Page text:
2. Alien 3: Director’s Cut (1992)

  • Cast: Sigourney Weaver, Charles Dance, Charles S. Dutton
  • Director: David Fincher

I remember watching this film on TV around 1996 — I was about six years old and at that age, I just cared for action, violence, and the alien, so I couldn’t comprehend the story very well…but I loved it! It wasn’t until high school where I found out there were two versions of this film and also that there was a lot of hate for this movie. After seeing the theatrical cut, I can understand why some people didn’t like the movie, but I also watched the director’s cut and since then I have always defended the film and still say the best film in the series is the director’s cut of Alien 3.

Beyond the simple two reasons as to why this is the best (they kill off the annoying Newt character and bring the series back to its useful roots); it’s the most beautifully shot film in the series along with having the strongest characters and story. Ripley crash lands on planet Fiorina 161, a desolate barren planet, where she is the sole survivor of the crash and literally the only female on the planet. The people who inhabit this planet and also bring her to safety are the most despicable criminals that have been convicted of rape and murder. They are so violent that they have been sentenced to live out the remainder of their lives on that planet isolated from the rest of the civilization.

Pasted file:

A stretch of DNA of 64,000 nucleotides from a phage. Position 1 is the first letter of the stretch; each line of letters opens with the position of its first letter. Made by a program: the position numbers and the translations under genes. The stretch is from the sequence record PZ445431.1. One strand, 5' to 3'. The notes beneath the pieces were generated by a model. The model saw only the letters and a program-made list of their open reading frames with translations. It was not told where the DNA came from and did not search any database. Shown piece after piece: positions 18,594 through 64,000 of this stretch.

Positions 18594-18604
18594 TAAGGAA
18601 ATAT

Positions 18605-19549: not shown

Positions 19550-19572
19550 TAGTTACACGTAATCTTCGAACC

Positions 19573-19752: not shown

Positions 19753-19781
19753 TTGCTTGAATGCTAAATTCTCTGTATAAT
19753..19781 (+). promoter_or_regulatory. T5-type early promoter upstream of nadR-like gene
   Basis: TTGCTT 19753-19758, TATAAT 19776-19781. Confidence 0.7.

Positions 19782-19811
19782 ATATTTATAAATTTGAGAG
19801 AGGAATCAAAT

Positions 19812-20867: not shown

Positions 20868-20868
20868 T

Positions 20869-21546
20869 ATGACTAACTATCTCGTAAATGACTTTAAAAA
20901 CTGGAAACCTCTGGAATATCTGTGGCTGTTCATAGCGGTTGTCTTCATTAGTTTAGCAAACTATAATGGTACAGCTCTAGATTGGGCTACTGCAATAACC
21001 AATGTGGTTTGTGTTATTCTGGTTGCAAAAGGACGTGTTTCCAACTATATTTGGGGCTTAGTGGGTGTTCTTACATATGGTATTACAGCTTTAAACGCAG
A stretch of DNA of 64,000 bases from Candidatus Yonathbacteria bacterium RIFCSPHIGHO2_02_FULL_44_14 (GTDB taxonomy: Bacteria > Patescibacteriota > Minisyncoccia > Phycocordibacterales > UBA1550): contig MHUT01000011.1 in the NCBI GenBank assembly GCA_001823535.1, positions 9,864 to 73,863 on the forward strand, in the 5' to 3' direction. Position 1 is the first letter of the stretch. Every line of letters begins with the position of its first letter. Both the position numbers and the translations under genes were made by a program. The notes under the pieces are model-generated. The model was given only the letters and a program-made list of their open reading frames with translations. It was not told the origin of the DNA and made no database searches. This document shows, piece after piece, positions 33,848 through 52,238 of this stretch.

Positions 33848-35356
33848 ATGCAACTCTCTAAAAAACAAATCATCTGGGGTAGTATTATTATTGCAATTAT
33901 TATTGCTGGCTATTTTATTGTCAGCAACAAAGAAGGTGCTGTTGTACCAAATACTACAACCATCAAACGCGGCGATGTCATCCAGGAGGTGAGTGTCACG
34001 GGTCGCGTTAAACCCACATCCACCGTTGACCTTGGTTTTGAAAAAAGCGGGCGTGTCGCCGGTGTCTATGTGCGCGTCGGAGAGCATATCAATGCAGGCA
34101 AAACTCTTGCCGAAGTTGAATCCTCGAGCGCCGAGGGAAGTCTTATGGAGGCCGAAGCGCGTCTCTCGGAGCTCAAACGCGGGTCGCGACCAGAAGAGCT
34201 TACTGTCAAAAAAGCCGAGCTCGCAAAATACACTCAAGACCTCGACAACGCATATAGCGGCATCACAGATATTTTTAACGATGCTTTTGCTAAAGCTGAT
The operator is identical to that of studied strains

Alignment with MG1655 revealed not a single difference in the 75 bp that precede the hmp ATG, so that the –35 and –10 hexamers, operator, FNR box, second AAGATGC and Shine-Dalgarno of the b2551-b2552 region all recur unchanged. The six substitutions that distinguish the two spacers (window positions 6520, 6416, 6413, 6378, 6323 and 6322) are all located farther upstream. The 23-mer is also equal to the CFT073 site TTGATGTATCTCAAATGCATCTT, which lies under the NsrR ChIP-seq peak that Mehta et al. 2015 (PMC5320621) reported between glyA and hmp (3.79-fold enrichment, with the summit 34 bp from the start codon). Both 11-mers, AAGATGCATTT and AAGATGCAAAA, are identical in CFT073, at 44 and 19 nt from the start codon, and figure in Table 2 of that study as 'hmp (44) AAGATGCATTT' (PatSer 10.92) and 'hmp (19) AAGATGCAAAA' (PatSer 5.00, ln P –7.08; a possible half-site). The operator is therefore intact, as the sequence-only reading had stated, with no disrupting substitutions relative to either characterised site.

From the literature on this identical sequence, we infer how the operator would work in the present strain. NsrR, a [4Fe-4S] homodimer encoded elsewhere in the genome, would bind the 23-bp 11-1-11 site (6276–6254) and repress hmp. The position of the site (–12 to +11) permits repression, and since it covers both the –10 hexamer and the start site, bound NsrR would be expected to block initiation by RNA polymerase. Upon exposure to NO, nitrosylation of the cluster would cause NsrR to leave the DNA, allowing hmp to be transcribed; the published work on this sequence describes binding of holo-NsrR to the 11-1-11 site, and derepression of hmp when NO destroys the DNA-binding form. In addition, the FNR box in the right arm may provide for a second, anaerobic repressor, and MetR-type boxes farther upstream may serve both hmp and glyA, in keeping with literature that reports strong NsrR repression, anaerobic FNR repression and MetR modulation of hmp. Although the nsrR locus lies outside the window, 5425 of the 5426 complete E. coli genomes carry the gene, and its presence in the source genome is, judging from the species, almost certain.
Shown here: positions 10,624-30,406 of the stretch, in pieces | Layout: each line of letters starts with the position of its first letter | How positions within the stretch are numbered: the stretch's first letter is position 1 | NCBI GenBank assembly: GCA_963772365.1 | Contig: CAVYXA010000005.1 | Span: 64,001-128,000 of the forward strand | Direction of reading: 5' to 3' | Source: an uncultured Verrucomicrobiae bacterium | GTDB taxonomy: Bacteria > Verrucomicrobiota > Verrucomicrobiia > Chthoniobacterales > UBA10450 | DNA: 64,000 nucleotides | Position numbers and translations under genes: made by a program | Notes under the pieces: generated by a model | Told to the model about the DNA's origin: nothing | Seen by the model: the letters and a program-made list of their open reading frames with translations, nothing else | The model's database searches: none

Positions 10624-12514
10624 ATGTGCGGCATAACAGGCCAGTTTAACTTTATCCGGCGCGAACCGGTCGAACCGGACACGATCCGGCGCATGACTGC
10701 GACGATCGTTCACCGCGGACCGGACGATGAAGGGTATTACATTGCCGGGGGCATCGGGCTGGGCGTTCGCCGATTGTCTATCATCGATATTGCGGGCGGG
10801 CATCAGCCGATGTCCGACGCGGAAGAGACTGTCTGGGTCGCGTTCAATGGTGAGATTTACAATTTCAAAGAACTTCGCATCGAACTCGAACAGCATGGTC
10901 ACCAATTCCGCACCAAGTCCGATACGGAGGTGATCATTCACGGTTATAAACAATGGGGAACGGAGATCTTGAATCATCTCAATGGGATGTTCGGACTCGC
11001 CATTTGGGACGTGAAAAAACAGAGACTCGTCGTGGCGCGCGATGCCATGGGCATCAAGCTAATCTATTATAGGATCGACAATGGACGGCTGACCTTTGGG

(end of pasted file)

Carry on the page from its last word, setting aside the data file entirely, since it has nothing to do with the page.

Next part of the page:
Youtube
Youtube

Ripley’s character is completely broken in this film — she lost all of her crew in the first film and from the second one she was stuck in cryogenic sleep for over 50 years, then she finds out that she lost her daughter on earth and loses her potential new family with Hicks and Newt. When she discovers they have died from the crash, Ripley wants an autopsy done on Newt to make sure the alien wasn’t inside of her. They then go through with the autopsy finding no alien inside, meaning she had a painless death, but this is followed up with a powerful eulogy and funeral scene which is the most unforgettable shot in the film thanks to the dialogue and the score by Elliot Goldenthal. (A quick search online for the Alien 3 <a href="http://“>funeral scene can give anyone who hasn’t seen the movie an idea of what the film is about). It’s also the scene that sold me that this wasn’t just going to be a regular Alien film; this was going to be a bleak film that deals with the themes of loss, redemption, religion, hopelessness, and the way these themes are executed on film makes this more than a horror and science fiction film. It makes it an overall great film about redemption and hopelessness; not everyone has gets a happy ending and good doesn’t always prevail over evil. TC mark